Monday, May 19, 2008


In an earlier post I mentioned our friend Michelle, who provided us with the ammunition (moth balls) needed to repel the dreaded ninja-skunk. As Collette read the draft she said "Hun, there's only one L in Michele's name" And I said "Right, one L, I knew that" These days the gap between the things I know and the things I actually remember is too wide for every generation of Kineval and the Ghost Rider together to jump across. I've made this typo with Michele's name before. When she performed in one of my student movies (we didn't have cameras back in those days, we actually just drew multiple pages really fast) I misspelled both of her names. So its Michele with one L and Collette with two L's ... or is it?

As long as I have known Collette, she has spelled her name with two L's. As long as Collette has known Collette, she has spelled her name that way. It is just how her name is spelled .. isn't it? When Collette was applying to teacher's college at the University of Toronto, that venerable institution delved deep into her paperwork and informed her that her name was, in fact, spelled with only one L. Collette was somewhat devastated by this. She enjoys being a "two L" Collette. Two L Collette's are rare and beautiful and exotic creatures rarely glimpsed by modern man and .. oh, ok, sorry, I get carried away. But she really does like having that little tangible distinction afforded to her by the spelling of her name. I think Michele feels the same way. When Collette lost that L did she lose her identity? The thing that makes her unique? Well no, not really, because we are made unique by a variety of factors all of which may shift and change over the years. Is your name you? I don't know, but it is your first possession. And it may be your last. Beyond the important legal ramifications of your name, it is the one tag that you carry with you forever.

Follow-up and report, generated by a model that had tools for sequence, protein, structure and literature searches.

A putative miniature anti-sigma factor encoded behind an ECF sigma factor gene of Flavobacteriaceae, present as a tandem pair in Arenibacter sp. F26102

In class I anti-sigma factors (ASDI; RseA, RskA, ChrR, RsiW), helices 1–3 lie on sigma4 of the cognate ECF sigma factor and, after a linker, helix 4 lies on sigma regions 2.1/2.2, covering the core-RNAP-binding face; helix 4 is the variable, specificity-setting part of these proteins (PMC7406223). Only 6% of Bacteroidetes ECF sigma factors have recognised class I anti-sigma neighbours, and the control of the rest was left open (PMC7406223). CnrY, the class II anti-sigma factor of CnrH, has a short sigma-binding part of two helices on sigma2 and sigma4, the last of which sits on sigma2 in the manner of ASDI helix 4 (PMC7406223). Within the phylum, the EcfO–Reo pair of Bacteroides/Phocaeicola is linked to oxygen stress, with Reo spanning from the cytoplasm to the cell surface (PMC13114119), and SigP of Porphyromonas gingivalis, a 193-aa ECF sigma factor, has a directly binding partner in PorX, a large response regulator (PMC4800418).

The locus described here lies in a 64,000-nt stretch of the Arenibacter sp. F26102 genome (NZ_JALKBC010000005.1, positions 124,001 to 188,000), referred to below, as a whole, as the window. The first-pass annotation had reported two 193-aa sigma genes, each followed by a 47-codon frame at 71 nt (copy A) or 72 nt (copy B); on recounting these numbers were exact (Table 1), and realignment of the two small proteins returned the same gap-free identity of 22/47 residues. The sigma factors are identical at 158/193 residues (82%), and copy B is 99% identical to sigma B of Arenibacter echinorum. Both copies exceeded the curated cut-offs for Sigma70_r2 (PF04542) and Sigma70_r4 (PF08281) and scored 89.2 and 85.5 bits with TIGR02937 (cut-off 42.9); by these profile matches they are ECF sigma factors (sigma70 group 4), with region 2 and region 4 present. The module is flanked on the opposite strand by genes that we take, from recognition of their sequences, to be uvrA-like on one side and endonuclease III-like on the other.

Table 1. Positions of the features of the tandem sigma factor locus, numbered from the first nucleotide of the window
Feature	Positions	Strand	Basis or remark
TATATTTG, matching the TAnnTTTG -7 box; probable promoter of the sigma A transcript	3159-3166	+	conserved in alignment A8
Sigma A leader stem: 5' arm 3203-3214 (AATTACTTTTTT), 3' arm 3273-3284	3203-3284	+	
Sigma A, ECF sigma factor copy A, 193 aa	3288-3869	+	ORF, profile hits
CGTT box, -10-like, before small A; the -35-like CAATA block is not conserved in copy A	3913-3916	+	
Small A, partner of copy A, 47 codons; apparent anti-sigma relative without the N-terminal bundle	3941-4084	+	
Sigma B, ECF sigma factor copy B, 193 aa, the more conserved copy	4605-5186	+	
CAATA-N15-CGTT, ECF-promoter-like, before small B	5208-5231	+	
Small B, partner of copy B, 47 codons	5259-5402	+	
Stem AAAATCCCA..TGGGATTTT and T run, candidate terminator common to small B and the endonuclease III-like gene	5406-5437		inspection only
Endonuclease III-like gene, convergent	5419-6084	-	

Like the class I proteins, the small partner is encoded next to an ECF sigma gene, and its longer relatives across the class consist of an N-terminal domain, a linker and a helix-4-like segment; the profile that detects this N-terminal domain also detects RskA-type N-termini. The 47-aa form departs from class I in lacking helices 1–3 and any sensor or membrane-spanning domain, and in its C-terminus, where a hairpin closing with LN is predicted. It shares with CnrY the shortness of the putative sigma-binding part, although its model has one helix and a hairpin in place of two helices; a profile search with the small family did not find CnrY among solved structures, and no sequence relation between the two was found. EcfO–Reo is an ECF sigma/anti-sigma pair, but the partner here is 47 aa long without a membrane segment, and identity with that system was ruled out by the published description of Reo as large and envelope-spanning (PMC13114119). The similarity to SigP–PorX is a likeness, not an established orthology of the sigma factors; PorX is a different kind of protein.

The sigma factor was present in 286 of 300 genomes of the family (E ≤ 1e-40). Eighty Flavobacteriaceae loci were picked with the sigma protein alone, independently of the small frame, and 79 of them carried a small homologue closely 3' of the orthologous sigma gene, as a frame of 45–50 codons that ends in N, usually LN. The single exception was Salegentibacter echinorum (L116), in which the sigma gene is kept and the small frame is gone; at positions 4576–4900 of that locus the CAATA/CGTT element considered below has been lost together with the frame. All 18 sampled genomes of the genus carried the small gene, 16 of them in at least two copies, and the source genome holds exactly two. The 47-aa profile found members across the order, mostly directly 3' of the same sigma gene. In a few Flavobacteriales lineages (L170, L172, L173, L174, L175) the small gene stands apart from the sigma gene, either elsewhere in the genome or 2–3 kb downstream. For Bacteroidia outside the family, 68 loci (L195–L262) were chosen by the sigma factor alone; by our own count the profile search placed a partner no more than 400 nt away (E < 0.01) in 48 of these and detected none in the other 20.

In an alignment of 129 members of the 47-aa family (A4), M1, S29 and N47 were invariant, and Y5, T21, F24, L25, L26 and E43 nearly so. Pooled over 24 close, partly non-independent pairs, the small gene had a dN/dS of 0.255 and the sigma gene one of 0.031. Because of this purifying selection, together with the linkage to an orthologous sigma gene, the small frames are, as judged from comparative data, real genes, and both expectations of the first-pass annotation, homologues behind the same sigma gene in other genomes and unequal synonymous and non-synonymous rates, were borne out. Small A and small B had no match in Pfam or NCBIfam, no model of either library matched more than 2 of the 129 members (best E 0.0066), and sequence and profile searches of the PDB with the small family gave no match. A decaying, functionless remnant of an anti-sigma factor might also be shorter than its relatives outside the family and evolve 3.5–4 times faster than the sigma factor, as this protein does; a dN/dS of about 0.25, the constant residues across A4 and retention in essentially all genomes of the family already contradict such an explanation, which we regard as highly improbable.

When I was in high school I went through a phase where I hated being called Vic. I don't even really remember why. Maybe it was due to associations with sleazy famous Vics like Damone, or Mature, I'm not really sure (young people, don't look baffled, Google is your friend). These days I usually introduce myself as Vic. Few years back I started working as an editor at Tantara Productions. I introduced myself as Vic. Shortly after I started there I had arranged for a client to come down and work with me. My edit suite (if you call the former broom closet a suite) was in the back of the building so I told Dean, another editor, who worked up towards the front, to let me know when my client showed up. Hour or so later I just happened to be crossing the corridor when I heard Dean saying "Sorry, there is no Victor working here" I had to go flying up and catch my client before she left the building. Now Dean was a bright young dude and I don't believe he indulged in any kind of creative chemistry but he had been unable to make the association between Vic and Victor. I asked him "Don't you know that Vic is just short for Victor" His response was "I just thought your name was Vic"